[50:25] A dependency tree is a great thing for awareness, but it’s not something you come back to, like “Oh, I’ve got to go check on my dependency tree today.” Maybe, I suppose, if you’re excited about the idea of supporting open source, you’re like that. But at some point, the habit loop gets broken, the reward is no longer there. You’re not going to keep coming back to that dependency tree thinking, “Who can I give to today?” It’s got to be a meaningful narrative. It’s got to tell a story, and I think that’s how you get people to get involved. I have this thing I’ve been saying for a while now: facts tell, stories sell. And so what gets people involved, whether it’s literally an exchange of dollars, or, “Hey, Electron’s awesome. Follow me”, and they follow you, it’s the story. It’s Jessica being excited about Electron that got people to follow you and be inspired. And it’s people who tell their story that get that conversion, not just simply, “Here’s the facts. You depend on me. Great.” That’s a fact. The story, what I think, is where we’re missing– and maybe that happens on Twitter. Maybe that happens elsewhere. Maybe it happens on podcasts. Who knows? The story piece is missing. But that may not even be your problem to solve though, right?
Well, at a certain point, the maintainer tells the story, and you do have tools for that. I think what I’ve seen is that software developers are more or less savvy at that aspect. And the more savvy–
At story telling, yeah.
…get the more sponsorship, and the less savvy get the less sponsorships. So that’s a hard problem to solve, but maybe tools supporting the less storytelling-savvy developers to help them tell their story, and to help them show their value proposition or whatever it is.
I know that a lot of the struggle and the conversations I hear maintainers having around GitHub Sponsors is, “How do I present myself, what I do, the value I’m bringing?” And then the tiers is a big thing, because it’s flexible, which is great, but it’s flexible, which is terrible because– I mean, we had Caleb Porzio on the show who’s killing it with GitHub Sponsors. I’m sure you know. He made that famous post about “How I made 100k grand a year”. He’s probably doing double that now, who knows? But he had this brilliant idea about how he actually structures his tiers and how he tells that story not based on buying him two cups of coffee versus three, which is the way that lots of us go, but actually, who you are; like, if you’re a freelancer, if you’re a corporation, and this is what he requires. And that paid huge dividends for him. I’m sure there’s probably somewhere where the people talk and his best practice is, “Hey, go check out Caleb’s and copy that.” But help us understand, Jessica, are there ways of GitHub supporting the maintainers to tell their best story or the best version of themselves?
So we actually have suggested tiers, which is something that I think gets to that… Because when tiers originally came, people didn’t know what to do. And I think there’s a certain degree of, “Well, how much am I worth? How much do I really want to say?” And I’ve gotten feedback from companies that are like, “These people create tiers that go up to $5.” You know, “X, big company - we can’t go give $5.” [laughs]
And so we have suggested tiers now. When you’re on your tiers page, you can get suggestions of how to set them up. We recently shipped welcome messages that help you say something immediately to the people at each tier that have sponsored you. So that’s specifically an area we are trying to build features in, is how to help people represent themselves the best, and how to communicate what they’re doing.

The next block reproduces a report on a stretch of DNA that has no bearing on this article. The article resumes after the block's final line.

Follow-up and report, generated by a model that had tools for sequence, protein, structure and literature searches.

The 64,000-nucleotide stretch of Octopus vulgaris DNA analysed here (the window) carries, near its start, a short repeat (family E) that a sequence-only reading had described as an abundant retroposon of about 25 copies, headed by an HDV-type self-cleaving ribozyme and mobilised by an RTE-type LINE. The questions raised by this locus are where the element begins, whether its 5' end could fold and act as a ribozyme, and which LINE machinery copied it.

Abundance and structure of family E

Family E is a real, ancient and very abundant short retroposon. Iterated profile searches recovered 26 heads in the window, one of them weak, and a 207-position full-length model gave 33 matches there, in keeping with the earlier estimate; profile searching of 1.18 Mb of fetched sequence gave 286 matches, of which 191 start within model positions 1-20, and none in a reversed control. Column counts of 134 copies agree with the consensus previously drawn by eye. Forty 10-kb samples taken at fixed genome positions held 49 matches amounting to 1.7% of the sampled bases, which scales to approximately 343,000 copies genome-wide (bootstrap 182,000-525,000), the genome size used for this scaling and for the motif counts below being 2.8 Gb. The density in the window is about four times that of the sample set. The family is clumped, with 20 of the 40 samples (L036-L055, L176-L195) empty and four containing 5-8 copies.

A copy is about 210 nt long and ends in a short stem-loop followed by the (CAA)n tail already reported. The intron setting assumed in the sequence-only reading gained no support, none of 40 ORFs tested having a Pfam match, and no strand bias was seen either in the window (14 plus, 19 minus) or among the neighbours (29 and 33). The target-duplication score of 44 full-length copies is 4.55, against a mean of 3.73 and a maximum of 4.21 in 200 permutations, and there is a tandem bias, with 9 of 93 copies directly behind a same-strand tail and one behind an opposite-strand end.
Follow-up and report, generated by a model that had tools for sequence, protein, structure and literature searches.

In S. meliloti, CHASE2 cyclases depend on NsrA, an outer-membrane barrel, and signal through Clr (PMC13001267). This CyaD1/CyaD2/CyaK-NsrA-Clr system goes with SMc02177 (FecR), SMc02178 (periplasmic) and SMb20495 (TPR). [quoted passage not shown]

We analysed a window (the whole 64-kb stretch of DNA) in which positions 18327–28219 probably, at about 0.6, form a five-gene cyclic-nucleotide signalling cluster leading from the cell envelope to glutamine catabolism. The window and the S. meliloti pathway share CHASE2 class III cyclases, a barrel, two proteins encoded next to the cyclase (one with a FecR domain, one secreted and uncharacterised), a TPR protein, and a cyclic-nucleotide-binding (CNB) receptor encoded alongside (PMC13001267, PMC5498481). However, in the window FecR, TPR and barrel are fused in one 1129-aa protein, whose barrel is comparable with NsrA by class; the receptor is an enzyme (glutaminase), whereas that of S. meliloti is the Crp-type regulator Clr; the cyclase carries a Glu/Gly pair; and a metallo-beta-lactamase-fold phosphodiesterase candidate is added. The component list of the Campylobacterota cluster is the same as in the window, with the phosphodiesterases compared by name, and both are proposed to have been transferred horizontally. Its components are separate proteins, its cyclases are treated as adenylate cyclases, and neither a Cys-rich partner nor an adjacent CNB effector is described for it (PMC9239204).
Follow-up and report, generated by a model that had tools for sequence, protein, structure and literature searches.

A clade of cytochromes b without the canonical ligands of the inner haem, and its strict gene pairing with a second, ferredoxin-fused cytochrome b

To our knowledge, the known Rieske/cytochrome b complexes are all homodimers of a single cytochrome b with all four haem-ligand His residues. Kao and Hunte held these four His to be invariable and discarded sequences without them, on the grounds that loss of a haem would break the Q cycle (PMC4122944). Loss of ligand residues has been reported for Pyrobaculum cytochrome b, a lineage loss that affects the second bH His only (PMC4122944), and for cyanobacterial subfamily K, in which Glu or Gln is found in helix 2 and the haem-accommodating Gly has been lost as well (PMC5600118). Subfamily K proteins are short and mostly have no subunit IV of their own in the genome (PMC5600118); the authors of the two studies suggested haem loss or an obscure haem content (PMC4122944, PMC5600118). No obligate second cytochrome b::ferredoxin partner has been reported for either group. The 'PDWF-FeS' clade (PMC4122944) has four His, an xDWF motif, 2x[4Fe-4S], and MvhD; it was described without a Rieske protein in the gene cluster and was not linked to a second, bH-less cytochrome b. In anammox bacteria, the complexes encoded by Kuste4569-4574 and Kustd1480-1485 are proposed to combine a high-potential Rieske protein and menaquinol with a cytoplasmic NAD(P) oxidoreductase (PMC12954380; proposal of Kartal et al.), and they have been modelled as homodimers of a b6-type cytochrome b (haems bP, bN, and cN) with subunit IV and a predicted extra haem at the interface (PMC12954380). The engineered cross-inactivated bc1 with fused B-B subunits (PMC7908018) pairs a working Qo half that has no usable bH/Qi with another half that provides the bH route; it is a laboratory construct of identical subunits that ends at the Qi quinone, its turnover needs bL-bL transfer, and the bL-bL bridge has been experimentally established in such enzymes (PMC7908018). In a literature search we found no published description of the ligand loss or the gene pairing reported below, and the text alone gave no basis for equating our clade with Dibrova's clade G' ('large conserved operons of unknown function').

[54:12] Has there been any requests from the– I’m trying to figure out terminology. Would you call these people all maintainers? I suppose so. Let’s just call them maintainers to make it easy. So would you say that the maintainers who have sponsored pages, so it’s their profile/sponsor - is that what the URL is? Yeah. No, it’s github.com/sponsors, pluralized, slash their username. So in this case, have you gotten any requests where, “You know what? I love my profile. I love showing off what I do in open source. Can I just make my sponsors page my profile?”, for example. “Can I tell my story there? Can I put updates and stuff like that there?” rather than this static page that really –
…is just pretty static, you know what I mean?
We have heard that and thought about that. It’s rattling around there. Yeah.
May or may not be shipping soon
Yeah. And people have definitely run out of space on their Sponsors profile page.
I mean, because some people - that’s actually their purpose to be on GitHub. It’s great that they show their contribution, and that’s all part of their story too, but the reason why they are using GitHub as a platform is, one, they’re probably passionate about open source. Clearly, they’re passionate about software in some way, shape or form. But three, their motivation is financially sustaining themselves or their processes and their daily objectives and the things they do, to create and give. I would imagine that that’s the case. So we have a friend, Mat Ryer, who works with us on Go Time. Since you write Go, you may know Mat Ryer.
For one year I wrote Go. [laughs]
That’s enough. That’s enough. I like his profile for his sponsor page, because he goes $2, $4, $8, $16, $32, $64, $128, $256, $512, and $1,012 in terms of his tiers. And they’re in typical Mat–
And they’re ridiculous, aren’t they?
Well, they’re just like tip of the hat, and then I think $64 a month is a couple of pizzas, one hot, one cold for breakfast the next day… It’s just typical Mat humor, right?